Adhesive bandages


Sterile gauze pads


Assorted box of surgical sutures


Adhesive tape

1 roll

Waterproof tape

2 rolls

Antibiotic ointment

1 tube

Antiseptic wipes


Pain relievers



1 pair


1 pair

First aid forceps (clamp)




Latex gloves

4 pairs

First aid manual (search for and download for free a marine medicine guide)




It is important to check your first aid kit regularly and replace any expired items. Additionally, after I was hospitalized in La Paz our first year of cruising, we added the following items:

  • A full bottle of antibiotics (Mexican pharmacies sell 100 tablet bottles)
  • Fleet enemas
  • IV fluid (a bag)
  • Blood pressure cuff
  • Seasickness meds
  • Hydrocortisone cream
  • And because we know of so many cruisers who have had kidney stones: Stone Breaker tablets (lemonade powder also helps as the acidity in lemonade helps break up stones.)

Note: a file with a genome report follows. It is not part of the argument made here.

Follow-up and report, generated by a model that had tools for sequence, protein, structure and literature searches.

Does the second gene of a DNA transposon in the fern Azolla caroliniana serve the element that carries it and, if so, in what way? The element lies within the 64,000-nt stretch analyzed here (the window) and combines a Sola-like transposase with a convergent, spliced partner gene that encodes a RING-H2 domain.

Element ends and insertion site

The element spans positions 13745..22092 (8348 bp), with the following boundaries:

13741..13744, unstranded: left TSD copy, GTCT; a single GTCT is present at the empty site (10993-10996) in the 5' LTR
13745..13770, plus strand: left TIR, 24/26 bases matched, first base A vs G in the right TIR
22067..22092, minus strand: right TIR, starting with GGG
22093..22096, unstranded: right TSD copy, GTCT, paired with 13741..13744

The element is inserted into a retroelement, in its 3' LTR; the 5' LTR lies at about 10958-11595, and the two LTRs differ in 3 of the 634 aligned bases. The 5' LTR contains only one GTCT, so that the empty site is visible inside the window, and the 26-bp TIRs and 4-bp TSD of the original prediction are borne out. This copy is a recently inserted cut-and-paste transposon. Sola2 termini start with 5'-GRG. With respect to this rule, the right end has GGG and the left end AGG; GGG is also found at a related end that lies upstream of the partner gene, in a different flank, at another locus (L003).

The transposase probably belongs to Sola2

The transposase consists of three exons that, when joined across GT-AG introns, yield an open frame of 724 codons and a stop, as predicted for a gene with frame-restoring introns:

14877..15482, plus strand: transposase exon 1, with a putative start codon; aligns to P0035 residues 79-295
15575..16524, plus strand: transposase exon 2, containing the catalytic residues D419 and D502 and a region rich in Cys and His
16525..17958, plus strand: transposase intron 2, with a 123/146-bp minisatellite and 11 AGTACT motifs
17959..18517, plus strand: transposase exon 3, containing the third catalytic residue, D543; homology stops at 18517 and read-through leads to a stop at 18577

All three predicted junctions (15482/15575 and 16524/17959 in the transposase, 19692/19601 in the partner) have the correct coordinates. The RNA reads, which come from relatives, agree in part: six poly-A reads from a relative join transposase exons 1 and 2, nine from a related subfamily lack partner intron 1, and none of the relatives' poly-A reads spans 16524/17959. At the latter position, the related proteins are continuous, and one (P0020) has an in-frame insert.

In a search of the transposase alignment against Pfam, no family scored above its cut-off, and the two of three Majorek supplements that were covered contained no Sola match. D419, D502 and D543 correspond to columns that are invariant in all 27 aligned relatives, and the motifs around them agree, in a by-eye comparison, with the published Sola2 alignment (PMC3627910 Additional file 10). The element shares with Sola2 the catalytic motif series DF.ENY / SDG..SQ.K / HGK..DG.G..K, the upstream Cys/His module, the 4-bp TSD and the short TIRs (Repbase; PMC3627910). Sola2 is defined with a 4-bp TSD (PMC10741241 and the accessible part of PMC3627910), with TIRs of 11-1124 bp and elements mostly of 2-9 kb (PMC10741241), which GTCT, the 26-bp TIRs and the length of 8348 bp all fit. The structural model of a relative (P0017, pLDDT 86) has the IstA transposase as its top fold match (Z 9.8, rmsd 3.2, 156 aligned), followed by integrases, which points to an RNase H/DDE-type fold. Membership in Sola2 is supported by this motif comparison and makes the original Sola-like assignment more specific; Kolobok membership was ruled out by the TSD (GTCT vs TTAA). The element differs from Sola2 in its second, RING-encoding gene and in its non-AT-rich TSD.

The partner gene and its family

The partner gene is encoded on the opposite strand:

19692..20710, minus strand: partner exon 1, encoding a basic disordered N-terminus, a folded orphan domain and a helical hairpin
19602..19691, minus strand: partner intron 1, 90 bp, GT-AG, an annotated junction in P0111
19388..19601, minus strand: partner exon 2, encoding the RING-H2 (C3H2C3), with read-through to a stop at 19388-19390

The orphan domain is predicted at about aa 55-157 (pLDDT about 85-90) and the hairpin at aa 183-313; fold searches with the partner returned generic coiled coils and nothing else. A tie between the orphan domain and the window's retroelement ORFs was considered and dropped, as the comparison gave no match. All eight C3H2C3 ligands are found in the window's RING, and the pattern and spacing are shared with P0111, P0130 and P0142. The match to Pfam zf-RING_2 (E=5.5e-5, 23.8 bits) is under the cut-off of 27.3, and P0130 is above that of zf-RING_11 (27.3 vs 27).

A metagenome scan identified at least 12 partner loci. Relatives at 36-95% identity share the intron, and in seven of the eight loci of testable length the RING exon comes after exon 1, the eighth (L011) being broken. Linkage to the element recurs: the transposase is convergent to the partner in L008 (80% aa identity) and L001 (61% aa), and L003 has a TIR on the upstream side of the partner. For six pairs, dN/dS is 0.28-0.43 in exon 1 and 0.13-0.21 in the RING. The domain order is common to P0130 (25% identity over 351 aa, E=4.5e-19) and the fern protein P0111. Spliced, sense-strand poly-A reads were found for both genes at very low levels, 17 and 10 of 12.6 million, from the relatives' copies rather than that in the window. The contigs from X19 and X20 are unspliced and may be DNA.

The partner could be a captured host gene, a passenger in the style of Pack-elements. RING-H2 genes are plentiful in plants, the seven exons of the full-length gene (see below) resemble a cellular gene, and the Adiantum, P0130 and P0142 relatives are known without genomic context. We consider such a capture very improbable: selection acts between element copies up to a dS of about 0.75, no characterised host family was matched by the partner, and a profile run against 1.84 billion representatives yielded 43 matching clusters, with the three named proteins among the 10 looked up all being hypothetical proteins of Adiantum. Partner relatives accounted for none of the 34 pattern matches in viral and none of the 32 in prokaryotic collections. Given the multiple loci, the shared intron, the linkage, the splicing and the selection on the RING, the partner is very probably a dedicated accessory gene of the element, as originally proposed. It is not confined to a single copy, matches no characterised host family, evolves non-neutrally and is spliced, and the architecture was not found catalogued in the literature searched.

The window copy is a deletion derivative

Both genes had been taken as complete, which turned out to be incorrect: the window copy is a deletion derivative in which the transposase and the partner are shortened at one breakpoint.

second blue medical kit we carry as sailing nomads
Medical kit #2, complete with a blood pressure cuff and sutures.

Non-Emergency Medical Care

If you are experiencing a non-emergency medical condition, such as a cold or flu, you may be able to get care from a telemedicine provider. Telemedicine providers can provide medical care remotely using video conferencing and other technology.

And if you need to see a doctor on shore, you can contact your travel insurance company for assistance. Your travel insurance company can help you find a doctor who is in your network and who can speak your language. You may also be able to find a doctor on your own by searching online or asking other nomads or cruisers for recommendations.

Paying for Medical Care

The cost of medical care can vary depending on the country where you are and the type of care you need. If you have travel insurance (see good resources below), your insurance company may cover the cost of your medical care. However, it is important to check with your insurance company in advance to make sure that your policy covers medical care at sea.